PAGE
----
The News of The Blake School Since 1916

The Spectrum

The News of The Blake School Since 1916

The Spectrum

The News of The Blake School Since 1916

The Spectrum

Minneapolis


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Voice of the Staff: Open-Source Textbooks

Tackling the pros and cons for students of different methods of accessing textbooks
Voice+of+the+Staff%3A+Open-Source+Textbooks

You finish the final page of The Things They Carried, put it aside, open up your laptop, and begin reading again. But this time, it’s for chemistry on your digital textbook. With such rapid technological advances, students are quickly gaining the option to utilize technology for a variety of academic endeavors. Many are trying to grapple with technology’s role in the progress of learning and the difficulties that come along with it.

A departmental split can be seen between open-source online textbooks and physical copies: humanities courses–English and History–are the courses that almost always require physical book. Math and science courses are the ones that usually have online options or additions.

Perhaps this happens because, ultimately, humanities classes include literary analysis and historical facts that are sought to be understood and examined in a way that requires pen and paper. This analysis includes much interpretation, thus, kinetic learning material is preferred for proper comprehension of the subject.

In a majority of humanities classes, annotating and note-taking are essential for success, so information online would restrict students from fully grasping an idea.

In contrast, math and science classes are structured around the themes of “cause and effect” or “problem to solution.” These learning concepts are about solving and understanding in order to arrive a a definite result, as opposed to the subjective interpretation of the humanities. All that is needed are the steps and the work to show the outcome; annotating generally isn’t necessary.

Still, for many, it takes time to get used to online textbooks. Many kinetic learners long for that physicality of flipping through pages and engaging directly with the text. Many of us would pick a physical book over the bright glare and constant mouse clicking of a digital text, whereas others prefer the compactness of the Internet and avoiding a $300 price that comes with backaches.

Digital resources have many advantages. Online books are generally far less expensive than their physical counterparts, and open-source books are completely free. Manufacturing is what causes books to be expensive, so the open-source books are cheaper because they do not have to be produced or shipped.Also, carrying a lighter load around school has clear benefits for posture and alignment. In many classes, certain online animations help cover a concept better than a book could. A good example of this is Ptable, an online, interactive periodic table that has more data than a textbook could put on a page.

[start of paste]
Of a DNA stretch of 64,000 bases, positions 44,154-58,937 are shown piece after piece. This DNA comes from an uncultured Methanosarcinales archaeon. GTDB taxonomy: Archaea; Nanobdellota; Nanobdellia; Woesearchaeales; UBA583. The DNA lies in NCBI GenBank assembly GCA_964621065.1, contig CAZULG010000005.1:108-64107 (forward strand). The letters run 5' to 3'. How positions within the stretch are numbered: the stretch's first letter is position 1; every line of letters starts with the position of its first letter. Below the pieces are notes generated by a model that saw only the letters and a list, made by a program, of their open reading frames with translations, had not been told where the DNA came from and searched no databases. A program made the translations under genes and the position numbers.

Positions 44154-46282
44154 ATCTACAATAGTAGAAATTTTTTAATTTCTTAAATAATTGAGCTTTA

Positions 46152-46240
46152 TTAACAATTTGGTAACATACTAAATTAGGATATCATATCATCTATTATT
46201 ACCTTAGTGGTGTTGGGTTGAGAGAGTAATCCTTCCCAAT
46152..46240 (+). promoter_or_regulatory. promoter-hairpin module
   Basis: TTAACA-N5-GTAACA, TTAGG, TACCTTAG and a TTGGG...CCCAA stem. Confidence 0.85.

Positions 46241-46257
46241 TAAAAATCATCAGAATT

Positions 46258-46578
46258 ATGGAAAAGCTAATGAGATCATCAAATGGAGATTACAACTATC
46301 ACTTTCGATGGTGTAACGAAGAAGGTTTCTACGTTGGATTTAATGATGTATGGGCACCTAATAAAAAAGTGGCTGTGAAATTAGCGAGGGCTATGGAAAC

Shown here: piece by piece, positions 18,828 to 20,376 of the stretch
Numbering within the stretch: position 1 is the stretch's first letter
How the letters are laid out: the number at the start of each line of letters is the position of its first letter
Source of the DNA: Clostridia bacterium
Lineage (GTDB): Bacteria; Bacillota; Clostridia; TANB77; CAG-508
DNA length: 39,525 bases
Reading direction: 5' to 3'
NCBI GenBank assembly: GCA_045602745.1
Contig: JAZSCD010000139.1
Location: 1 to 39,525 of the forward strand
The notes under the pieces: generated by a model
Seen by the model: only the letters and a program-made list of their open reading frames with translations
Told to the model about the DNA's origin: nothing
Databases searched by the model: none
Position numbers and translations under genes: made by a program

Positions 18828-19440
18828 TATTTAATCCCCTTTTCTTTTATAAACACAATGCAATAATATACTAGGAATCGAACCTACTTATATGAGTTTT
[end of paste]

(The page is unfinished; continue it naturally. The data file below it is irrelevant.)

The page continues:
Both physical and digital books have pros and cons. But, essentially, it is up to the students in deciding the best educational resource for them. This is a multi-faceted issue, both economically and in terms of learning styles.

In the end, though, we must acknowledge how privileged we are to be able to choose between physical books and online books while many go without either. Choice in this issue is important and, at this point, we should offer students the choice between physical and digital textbooks.

Throughout history, kids have been successful in school without the constant use of the Internet as a source of support. Today, though, we are wired to use the internet for everything- – which now includes school work.

Google is our ultimate go-to for everything, so what is the difference with having the majority of our learning experience also be digital? In a way, we have already become tied to our technology because almost all of our work is on our laptops. Although we have the option to handwrite assignments, it’s frequently more efficient to type them. So, are open-source textbooks simply more efficient?

Both physical and digital books have pros and cons. But, essentially, it is up to the students in deciding the best educational resource for them. This is a multi-faceted issue, both economically and in terms of learning styles.

In the end, though, we must acknowledge how privileged we are to be able to choose between physical books and online books while many go without either. At this point, we should offer students the choice between physical and digital textbooks.

Sincerely,

Katya Tobak and the Spectrum editorial staff.

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